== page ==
Chris Stephens, MP for Glasgow South West, has proposed a Bill to define the status of workers in law; to refine the current definitions in light of recent Supreme Court judgments; and to provide greater protection from day one of a person’s employment, eliminating zero-hours contracts and providing greater protection for those in precarious work, such as in the hospitality sector.
“For too many years, workers’ rights were rarely debated outside of trade union conferences, but since the 2008 crash, when the failures of big business landed the least well-off taxpayers with the bill for the corporate gamblers and their reckless handling of the global economy, there has been a growing sense of outrage that hard work is not properly rewarded.
“Far from addressing an unbalanced economy that rewards failure so long as it is on a global scale, the Government have clung to the supremacy of the market over workers’ rights. However, all the evidence shows that a healthy economy values workers and that achieving the correct balance between profit and reward is the biggest spur to long-term growth instead of short-term profit.
“In many ways, there is a false narrative about the modern world of work that suggests that 21st-century technology has created a different dynamic and that workers have to adapt to be more flexible and more open to different ways of working, leaving behind outdated notions of security and guaranteed reward. The clear implication is that full-time secure employment with rights, a pension and clearly defined hours is an outdated 20th-century concept, instead of the peak of a hard-fought struggle to redress the balance between employer and employee – or, at its most extreme, exploiter and exploited. I make no apology for putting the issue in stark terms. We need to stand up and take on the siren voices that want to cloud a simple issue that has existed for as long as one person has agreed to pay another for their work. If fairness is not nailed down in legislation and enforced, there will always be employers who push their advantage to the limit and beyond.
“I strongly believe the time has come for a full debate about what is fair work and how it should be properly rewarded. My Bill would bring some clarity to the definition of “worker” by defining what rights are available and consolidating a single statutory definition of the people to whom employment rights and duties apply. It would also give the House the opportunity for more debate about the issues currently being explored by Committees following the Taylor report.
“The Taylor report is useful in one sense: workers’ rights are front and centre. With Brexit on the horizon, we should all be aware of how easily the rights we take for granted could disappear. The report correctly identifies that clarity in the law could be improved, but I take issue with the proposed solutions, particularly that of creating a new category of worker – “dependent contractor.” I have a strong sense that the Taylor report’s main focus is not primarily the worker. It gives more weight to the interests of consumers and employers; when Mr Taylor gave evidence in Committee his responses indicated an anxiety that nothing should be introduced that “harmed” or “affected” consumers and employers in a negative way, even if it improves workers’ rights.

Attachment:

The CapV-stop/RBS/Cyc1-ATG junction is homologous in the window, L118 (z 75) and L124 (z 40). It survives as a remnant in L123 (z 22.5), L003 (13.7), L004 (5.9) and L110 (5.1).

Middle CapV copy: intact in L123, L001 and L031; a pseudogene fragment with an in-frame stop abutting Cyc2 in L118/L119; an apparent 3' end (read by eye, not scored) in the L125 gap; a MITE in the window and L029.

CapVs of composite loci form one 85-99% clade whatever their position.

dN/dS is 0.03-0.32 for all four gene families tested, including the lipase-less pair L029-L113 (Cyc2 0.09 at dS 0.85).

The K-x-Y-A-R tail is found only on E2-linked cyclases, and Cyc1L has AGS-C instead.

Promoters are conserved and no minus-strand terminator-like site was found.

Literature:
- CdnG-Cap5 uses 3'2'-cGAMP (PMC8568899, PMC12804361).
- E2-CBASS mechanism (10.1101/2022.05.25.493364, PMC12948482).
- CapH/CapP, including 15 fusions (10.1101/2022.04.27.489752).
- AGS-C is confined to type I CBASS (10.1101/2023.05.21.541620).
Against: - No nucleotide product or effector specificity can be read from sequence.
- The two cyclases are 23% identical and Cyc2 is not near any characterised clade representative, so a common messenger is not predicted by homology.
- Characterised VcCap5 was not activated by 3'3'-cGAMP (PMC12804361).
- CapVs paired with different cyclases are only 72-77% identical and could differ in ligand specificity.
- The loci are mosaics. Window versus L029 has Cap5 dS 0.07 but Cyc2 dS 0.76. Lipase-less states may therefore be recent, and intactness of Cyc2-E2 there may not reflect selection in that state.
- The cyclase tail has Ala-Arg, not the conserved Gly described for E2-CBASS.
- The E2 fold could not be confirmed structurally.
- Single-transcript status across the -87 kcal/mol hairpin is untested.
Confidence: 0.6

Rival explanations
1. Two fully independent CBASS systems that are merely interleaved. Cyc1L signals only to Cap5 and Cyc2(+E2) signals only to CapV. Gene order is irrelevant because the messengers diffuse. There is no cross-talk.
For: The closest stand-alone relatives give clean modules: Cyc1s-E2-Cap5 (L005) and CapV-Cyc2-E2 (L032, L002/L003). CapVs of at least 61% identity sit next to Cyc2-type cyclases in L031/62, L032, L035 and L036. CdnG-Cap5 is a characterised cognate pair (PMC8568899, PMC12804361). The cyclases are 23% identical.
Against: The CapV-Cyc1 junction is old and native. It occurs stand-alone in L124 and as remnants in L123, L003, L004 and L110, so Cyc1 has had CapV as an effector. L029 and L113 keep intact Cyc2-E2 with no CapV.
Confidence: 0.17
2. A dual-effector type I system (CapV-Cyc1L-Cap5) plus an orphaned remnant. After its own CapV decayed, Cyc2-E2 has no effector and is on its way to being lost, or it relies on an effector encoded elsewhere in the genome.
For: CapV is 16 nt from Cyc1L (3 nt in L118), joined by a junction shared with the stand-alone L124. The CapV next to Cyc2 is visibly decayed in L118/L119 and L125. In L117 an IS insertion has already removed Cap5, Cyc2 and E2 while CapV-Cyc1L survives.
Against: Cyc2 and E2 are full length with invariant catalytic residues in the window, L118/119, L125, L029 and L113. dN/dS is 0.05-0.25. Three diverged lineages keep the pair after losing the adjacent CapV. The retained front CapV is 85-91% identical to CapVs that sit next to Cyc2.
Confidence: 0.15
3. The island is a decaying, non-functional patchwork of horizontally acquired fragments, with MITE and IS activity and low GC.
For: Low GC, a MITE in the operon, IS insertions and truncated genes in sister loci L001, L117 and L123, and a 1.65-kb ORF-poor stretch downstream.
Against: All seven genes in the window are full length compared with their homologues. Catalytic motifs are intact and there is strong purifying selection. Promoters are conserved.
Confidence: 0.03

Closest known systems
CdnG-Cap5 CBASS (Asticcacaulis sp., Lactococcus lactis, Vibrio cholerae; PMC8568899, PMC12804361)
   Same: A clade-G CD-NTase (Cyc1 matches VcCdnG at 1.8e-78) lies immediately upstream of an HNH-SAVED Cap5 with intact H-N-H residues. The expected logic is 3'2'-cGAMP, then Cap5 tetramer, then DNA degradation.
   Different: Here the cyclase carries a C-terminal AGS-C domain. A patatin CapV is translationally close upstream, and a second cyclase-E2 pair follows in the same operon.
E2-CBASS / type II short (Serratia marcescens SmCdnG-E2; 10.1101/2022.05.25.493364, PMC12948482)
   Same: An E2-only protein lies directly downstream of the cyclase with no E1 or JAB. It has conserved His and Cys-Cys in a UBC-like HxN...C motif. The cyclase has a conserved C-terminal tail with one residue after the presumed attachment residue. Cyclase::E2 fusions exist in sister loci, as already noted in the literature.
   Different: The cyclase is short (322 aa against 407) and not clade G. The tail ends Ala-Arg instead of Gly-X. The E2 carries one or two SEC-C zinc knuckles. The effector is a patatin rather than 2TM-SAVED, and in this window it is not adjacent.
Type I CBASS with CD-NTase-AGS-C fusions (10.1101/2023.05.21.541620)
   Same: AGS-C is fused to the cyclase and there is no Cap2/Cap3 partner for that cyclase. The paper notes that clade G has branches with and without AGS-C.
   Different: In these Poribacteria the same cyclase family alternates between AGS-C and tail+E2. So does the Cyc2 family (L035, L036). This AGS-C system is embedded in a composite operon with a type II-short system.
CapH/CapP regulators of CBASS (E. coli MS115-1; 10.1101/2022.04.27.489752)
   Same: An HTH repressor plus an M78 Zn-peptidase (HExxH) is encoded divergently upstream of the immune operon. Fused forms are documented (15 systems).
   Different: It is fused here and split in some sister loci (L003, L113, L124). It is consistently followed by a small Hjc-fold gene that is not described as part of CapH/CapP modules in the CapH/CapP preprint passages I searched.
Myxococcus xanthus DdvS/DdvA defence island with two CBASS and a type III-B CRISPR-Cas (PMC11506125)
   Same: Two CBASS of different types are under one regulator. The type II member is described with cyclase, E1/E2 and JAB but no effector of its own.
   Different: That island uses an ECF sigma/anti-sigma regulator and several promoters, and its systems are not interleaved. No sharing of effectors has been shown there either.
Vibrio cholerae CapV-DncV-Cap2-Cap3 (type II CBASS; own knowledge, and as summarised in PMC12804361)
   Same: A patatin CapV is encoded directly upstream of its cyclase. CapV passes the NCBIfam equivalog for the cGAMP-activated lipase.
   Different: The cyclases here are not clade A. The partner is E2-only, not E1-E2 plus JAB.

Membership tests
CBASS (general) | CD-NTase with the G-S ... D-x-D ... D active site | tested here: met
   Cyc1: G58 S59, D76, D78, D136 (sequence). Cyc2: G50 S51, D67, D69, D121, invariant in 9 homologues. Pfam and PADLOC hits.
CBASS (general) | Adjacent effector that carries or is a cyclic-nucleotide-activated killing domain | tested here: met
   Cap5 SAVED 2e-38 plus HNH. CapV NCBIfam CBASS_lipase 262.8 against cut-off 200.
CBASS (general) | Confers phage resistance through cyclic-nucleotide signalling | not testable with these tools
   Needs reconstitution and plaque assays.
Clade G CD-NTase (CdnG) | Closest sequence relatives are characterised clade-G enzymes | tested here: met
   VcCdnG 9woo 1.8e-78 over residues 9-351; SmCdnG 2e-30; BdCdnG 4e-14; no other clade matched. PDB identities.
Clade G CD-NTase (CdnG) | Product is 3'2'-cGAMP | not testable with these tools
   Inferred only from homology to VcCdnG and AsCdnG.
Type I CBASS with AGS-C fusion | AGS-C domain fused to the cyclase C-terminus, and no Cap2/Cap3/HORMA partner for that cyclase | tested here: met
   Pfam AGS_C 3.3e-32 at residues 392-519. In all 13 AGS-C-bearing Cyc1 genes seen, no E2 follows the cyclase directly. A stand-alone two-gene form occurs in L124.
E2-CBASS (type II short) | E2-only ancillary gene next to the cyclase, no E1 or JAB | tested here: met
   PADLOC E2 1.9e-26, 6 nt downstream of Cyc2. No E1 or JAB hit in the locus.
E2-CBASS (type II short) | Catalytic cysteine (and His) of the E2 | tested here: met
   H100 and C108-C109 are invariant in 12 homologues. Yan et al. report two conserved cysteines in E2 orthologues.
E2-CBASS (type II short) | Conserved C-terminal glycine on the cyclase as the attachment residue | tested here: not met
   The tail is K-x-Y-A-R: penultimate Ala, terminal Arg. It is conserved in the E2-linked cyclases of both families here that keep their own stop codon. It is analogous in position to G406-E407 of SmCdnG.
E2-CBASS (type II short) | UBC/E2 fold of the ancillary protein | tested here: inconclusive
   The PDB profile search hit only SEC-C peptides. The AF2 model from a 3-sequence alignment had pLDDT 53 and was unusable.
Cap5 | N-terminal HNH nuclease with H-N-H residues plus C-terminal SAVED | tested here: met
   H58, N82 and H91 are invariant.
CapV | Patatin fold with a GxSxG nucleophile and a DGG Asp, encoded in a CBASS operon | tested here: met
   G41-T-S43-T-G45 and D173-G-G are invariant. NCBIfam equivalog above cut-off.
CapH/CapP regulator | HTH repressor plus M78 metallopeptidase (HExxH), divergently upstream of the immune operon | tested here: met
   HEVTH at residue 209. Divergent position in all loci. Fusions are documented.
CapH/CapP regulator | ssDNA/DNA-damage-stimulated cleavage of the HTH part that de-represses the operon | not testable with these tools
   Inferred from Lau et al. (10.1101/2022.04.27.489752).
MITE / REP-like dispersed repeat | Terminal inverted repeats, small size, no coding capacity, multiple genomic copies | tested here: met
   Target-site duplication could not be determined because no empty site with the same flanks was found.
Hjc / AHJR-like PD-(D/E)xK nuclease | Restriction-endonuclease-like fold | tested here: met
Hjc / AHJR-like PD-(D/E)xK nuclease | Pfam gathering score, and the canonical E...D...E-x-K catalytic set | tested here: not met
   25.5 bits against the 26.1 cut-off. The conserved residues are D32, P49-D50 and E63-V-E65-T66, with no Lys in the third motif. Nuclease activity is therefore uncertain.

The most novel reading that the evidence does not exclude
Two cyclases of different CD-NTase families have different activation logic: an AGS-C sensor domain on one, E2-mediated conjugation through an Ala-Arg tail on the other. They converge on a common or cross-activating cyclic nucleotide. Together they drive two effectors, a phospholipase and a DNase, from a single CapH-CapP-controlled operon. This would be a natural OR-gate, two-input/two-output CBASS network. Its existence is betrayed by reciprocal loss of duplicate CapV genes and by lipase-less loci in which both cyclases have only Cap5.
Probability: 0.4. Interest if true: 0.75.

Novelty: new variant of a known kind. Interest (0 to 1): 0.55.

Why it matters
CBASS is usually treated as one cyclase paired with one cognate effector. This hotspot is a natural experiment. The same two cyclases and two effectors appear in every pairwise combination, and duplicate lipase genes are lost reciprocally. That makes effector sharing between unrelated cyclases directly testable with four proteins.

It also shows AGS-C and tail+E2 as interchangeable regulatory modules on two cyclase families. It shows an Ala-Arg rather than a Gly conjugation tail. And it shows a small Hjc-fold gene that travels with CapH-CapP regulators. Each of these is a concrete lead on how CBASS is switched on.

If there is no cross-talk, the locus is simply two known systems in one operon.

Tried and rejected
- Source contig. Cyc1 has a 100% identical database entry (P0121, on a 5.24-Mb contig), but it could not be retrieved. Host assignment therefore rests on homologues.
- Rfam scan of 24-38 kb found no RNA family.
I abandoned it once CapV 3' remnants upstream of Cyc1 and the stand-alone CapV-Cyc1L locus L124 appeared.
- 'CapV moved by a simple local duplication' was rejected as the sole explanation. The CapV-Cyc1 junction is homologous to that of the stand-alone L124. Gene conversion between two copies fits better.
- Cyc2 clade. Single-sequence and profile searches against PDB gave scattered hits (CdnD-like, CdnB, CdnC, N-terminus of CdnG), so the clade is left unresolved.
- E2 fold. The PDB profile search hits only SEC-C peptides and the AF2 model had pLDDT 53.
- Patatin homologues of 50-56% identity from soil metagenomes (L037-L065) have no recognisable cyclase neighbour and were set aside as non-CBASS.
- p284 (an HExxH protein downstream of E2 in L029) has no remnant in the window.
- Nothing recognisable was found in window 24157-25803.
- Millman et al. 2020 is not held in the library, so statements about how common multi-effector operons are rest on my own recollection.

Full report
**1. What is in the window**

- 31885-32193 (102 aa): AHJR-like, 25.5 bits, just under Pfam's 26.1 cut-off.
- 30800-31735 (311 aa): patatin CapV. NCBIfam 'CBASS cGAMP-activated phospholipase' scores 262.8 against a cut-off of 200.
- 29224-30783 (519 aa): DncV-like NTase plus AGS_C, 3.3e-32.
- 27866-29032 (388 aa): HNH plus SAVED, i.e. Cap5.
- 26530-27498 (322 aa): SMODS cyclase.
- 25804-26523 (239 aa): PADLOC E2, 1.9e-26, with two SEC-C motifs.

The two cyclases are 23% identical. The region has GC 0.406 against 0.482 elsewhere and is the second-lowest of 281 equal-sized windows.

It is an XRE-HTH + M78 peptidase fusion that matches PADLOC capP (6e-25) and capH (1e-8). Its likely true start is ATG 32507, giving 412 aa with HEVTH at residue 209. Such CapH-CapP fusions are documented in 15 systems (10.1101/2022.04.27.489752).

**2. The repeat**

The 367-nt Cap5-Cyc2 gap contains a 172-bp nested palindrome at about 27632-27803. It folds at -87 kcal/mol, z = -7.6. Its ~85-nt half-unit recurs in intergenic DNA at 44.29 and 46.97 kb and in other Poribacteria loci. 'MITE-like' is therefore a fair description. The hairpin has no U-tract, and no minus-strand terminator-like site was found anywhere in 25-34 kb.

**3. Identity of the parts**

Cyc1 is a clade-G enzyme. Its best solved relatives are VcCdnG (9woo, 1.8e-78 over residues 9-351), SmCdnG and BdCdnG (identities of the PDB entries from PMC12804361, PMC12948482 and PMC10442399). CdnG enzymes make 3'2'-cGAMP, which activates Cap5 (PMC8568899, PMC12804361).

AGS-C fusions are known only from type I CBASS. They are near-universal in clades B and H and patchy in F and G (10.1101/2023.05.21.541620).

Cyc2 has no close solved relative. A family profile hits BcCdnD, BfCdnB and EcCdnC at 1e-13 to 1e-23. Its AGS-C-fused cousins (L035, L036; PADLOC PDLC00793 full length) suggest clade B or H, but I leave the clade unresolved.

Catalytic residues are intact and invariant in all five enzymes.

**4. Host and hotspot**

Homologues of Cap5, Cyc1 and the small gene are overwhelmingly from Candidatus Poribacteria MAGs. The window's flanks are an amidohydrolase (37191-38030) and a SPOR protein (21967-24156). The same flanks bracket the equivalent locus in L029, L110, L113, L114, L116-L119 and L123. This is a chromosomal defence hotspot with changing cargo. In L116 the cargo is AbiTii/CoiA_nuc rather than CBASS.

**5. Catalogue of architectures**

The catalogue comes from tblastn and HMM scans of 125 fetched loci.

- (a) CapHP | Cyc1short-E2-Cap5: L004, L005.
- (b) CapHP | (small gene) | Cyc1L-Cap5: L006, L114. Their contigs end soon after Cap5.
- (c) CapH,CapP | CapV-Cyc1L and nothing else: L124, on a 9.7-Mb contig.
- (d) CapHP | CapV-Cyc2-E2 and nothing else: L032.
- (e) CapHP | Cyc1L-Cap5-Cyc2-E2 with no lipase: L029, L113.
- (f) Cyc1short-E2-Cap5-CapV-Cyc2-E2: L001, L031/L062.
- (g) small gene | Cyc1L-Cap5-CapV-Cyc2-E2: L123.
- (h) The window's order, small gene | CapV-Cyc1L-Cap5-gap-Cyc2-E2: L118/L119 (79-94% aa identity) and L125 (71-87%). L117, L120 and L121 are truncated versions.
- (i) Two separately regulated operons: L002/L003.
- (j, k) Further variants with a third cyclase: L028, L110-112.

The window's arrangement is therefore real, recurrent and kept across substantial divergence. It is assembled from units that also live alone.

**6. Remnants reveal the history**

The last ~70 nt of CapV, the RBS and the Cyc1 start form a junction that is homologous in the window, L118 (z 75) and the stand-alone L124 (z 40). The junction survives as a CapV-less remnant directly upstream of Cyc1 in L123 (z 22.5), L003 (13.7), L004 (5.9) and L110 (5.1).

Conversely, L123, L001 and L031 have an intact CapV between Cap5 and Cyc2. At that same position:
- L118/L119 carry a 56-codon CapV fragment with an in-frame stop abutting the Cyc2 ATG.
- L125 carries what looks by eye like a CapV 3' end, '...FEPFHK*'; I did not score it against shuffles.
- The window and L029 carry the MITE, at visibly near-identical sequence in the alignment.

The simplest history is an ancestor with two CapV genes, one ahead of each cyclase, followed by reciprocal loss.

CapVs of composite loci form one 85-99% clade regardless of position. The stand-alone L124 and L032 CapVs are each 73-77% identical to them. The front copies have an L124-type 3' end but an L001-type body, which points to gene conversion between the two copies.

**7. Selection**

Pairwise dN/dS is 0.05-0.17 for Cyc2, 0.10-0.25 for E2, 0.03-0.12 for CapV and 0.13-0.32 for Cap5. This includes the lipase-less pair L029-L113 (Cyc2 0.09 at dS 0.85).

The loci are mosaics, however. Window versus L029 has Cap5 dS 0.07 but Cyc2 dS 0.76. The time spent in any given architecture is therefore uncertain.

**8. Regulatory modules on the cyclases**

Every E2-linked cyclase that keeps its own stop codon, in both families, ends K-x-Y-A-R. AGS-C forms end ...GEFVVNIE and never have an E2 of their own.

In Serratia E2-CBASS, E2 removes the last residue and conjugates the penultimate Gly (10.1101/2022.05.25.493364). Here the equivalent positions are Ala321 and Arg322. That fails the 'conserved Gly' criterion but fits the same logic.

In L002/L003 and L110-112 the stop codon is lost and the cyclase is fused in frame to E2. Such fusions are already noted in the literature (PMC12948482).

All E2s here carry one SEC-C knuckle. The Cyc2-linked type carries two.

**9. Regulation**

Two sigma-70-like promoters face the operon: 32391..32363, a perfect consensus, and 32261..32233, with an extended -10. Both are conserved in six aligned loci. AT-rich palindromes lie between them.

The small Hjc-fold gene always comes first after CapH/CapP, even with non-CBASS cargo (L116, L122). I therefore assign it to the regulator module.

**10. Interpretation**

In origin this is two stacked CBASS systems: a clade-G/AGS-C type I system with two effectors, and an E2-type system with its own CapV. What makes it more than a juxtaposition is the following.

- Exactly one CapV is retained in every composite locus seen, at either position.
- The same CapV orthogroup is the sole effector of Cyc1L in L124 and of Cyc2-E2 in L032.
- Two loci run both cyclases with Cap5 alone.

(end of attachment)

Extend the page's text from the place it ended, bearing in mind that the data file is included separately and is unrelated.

“One of the more puzzling aspects of the report and Mr Taylor’s evidence was the stress on the importance of empowering workers through access to information and advice without once acknowledging the role of trade unions. In many respects, the choice of employers is given priority throughout. It is odd that the United Nations International Labour Organisation standards and the four pillars of decent work – employment creation, social protection, rights at work and social dialogue – are not referenced.
“The UK has not yet consolidated a single statutory definition of the people to whom employment rights and duties apply. Through the Supreme Court there is already an emerging body of case law to support workers’ rights, in particular the landmark 2011 judgment in Autoclenz Ltd v. Belcher, which makes it clear that just because signed contract documentation makes it look as if a person is self-employed, that is by no means the end of the story. Employment Tribunals must take into account the inequality of bargaining power between employer and employee, and they must look at the whole context to ensure the written contract document genuinely reflects what the parties intended the employment relationship to be.
“The time has come to secure legislation that uses the court judgments to clarify the nature and status of workers today. We should not overcomplicate the issue by pretending that the age-old struggle between labour and capital has magically vanished in the digital age. The Conservative party is not, and never will be, the party of the workers, despite the good intent adhered to or advocated by one or two well-meaning Members. During the passage of the Trade Union Act, in which I participated, the true intent and nature of government policy was revealed and written into Hansard for all to see. I wonder whether the crackdown on workers’ rights goes far enough for some Members, who look fondly on 18th and 19th-century employment legislation – namely, the Master and Servant Acts designed to discipline employees and repress the combination of workers in trade unions – and whether they would happily vote for their reintroduction. However, I believe that is a minority viewpoint.
“The time has come for an Act of Parliament to address the issue of precarious work, and I commend this Bill to the House.”